As Christmas 2019 approaches, my thoughts turn to the many different ways in which Christmas is experienced in Australia and around the world. Whether you see it as a religious celebration or an important cultural festivity (or both), each of us has our own take on the ‘season’. For many, it’s a precious time, an opportunity to get together with family, or friends, or neighbours, to share good food, perhaps exchange gifts, and relax as we move towards the end of another year. For others, it is a super-stressful time to be managed, coordinated and even endured, all the while hoping that the gifts bought are suitable, the food stretches far enough, and Uncle Bert doesn’t get too loudly tipsy. Yet others spend Christmas Day alone, whether by choice or necessity.
Which of the above group do you fall into? Or maybe your plans are hybrid – some time with loved ones and some much needed time alone? Or something completely different?
As we travel through the years, our Christmases change as we do. The thrill of Christmas in childhood, of trying to work out which of the mysteriously shaped packages under the tree are for you, morphs into sneaking presents into the house and hiding them in a spot where our own, or others’ children, won’t discover them. Family members come and go, new people are welcomed and others farewelled. And the elders in a family, who once held all the Christmas reins and (expertly or otherwise) guided Christmas activities year after year, become unable to do that because of ill health or other reasons.
So my Christmas post this year is a short story in honour of one of those elders, to whom I owe a thank you for many special Christmas memories of my own. It’s fiction, but I’m sure you’ll get the idea.
‘Please, can someone help me?’ I call for a nurse. It’s the tenth time
tonight. I’ve slipped down the bed and I can’t sit up and I can’t reach the
buzzer for help. Something’s wrong with my legs. I don’t know what happened to
them or when.
My cheeks are wet. I stare out my window at the thin moon just beginning
its rise into the night sky. It’s beautiful but my heart is pattering
strangely. Am I frightened? It’s worse at night. I don’t think I used to be
like this. It’s the spider webs in my head that make me fuzzy and slow and
scared, all at once. Especially when the sun disappears each evening.
There’s a rustle and a nurse appears, wearing a tight, zipped up smile and a pink shirt. ‘What’s the matter, Ida?’ Her heels click as she walks to the bed. ‘I can’t…I can’t…’
Why is she here? Did I call her? I gaze up into her smooth young face, trying to remember. She puts an arm around my shoulder and slides me up onto the pillow. ‘Is that better? You were halfway down the bed!’ ‘Katy? Are you Katy?’ I’m squinting to see her face in the half light.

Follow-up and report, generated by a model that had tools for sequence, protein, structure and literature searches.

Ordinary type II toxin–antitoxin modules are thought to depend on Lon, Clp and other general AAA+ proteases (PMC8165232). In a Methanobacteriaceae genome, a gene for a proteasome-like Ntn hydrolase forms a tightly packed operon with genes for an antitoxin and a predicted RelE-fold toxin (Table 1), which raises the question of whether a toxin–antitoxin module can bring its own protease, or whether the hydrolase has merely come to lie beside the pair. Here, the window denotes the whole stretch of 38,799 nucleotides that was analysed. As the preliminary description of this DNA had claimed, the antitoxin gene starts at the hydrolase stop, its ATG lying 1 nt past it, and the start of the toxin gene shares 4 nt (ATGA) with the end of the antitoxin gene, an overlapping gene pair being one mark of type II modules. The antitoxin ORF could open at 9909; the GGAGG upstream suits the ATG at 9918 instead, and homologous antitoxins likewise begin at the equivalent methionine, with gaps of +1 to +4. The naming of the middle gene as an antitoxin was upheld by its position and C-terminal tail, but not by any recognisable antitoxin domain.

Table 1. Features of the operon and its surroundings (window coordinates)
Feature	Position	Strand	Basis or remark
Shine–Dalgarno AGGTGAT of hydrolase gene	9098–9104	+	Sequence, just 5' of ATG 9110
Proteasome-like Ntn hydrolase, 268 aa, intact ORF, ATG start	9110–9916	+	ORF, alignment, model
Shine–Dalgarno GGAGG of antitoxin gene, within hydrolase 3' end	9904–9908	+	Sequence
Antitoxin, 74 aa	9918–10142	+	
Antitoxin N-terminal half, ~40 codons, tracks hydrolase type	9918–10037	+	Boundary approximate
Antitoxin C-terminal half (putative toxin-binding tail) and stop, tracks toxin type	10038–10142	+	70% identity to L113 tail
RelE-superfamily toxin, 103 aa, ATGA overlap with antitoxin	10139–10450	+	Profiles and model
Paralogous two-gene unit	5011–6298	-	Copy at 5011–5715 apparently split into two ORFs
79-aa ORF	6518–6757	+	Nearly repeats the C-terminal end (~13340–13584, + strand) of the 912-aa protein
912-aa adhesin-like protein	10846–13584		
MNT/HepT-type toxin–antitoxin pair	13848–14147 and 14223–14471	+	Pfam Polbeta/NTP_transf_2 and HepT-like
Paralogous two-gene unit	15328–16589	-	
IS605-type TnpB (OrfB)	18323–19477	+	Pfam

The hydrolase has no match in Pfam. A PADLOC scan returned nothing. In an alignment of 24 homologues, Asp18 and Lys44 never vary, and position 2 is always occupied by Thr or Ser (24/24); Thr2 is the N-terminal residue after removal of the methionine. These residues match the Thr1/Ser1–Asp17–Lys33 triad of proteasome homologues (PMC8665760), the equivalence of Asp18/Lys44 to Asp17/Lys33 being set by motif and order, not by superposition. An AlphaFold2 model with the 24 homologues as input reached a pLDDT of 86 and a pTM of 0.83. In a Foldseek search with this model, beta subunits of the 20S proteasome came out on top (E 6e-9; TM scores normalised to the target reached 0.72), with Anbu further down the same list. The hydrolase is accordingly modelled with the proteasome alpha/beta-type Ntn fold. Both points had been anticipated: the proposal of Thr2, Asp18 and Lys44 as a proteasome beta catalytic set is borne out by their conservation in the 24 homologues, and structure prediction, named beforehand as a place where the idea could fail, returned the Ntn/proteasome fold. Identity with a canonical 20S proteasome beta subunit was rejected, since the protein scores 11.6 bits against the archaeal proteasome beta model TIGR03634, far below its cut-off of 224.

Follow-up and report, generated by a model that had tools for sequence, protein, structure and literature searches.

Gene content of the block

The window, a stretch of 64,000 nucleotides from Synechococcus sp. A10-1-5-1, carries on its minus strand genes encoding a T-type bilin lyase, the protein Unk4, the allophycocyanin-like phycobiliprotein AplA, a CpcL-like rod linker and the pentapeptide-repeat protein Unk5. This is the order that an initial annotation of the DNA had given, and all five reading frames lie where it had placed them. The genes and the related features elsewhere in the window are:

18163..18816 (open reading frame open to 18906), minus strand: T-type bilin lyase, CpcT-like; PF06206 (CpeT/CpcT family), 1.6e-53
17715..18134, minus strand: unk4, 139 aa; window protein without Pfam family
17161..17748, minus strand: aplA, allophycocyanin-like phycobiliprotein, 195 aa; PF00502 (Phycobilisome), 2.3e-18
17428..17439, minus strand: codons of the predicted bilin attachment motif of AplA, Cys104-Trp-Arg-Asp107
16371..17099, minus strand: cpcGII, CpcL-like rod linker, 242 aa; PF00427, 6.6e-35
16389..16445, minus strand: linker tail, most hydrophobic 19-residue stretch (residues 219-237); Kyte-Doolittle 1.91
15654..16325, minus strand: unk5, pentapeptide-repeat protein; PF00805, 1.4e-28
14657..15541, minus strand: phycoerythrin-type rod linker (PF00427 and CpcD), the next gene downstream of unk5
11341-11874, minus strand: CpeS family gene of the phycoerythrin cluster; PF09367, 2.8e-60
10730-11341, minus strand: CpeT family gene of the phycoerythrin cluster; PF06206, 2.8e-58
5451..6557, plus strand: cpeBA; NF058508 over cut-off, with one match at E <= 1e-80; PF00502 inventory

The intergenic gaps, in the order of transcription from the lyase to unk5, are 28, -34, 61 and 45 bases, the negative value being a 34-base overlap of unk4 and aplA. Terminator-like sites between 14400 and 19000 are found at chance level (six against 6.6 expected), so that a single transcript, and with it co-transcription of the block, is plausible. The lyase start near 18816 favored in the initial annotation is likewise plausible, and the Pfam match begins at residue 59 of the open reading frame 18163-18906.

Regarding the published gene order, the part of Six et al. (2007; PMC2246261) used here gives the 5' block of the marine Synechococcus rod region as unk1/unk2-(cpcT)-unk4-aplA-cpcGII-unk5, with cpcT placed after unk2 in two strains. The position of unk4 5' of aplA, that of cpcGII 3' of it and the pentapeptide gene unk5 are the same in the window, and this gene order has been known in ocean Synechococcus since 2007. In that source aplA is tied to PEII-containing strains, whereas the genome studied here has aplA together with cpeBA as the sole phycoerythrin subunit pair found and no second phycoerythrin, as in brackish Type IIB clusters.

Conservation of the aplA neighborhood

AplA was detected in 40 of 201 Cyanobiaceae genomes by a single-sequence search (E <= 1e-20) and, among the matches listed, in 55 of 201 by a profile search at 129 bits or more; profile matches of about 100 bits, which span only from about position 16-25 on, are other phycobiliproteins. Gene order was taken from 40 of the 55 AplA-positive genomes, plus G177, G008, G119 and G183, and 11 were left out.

‘I’m Sally, the night nurse,’ she chirrups. ‘I was here last night too,
don’t you remember?’ She tidies my bedside table as she speaks, picking up a
hairbrush, nail scissors and tissue box and lining them up in a row. I stare at
these things. Where did they come from? I give her a watery smile and close my
eyes. It doesn’t matter. Objects appear, disappear and reappear in my room
every day. It’s very hard to keep track of things as well as thoughts.
I remember Katy, though, with her smooth red hair and soft hands. Katy visits, so the nurses tell me, though I don’t remember the last time I saw her. I strain and push inside my head but my treacherous memory fails me again. I like it when Katy comes. I taste strawberries when I think of her. I have a photo, somewhere, of Katy and me. We are at a table outside, eating strawberries. It must be summer, because I remember flowers in the garden beds nearby. There were eleven different flowers in the garden. I don’t know why I remember that and I don’t remember what type of flowers, but they were pretty. In the photo, Katy is laughing; her hair tumbled about her shoulders and her hand touching mine as we lean together across the table. I don’t know where that photo’s gone. I’d like to see it again. I’d like to see Katy again.
My lashes feel damp as I close my eyes and lay my head back on the
pillow. The moon beckons, a peaceful quiet place where I’m not afraid. Murmurs
drift towards me from the doorway as I sink into the pillowy softness.
Sally, the nurse, is speaking to someone. ‘I’m sorry, Katy, looks like she’s asleep…’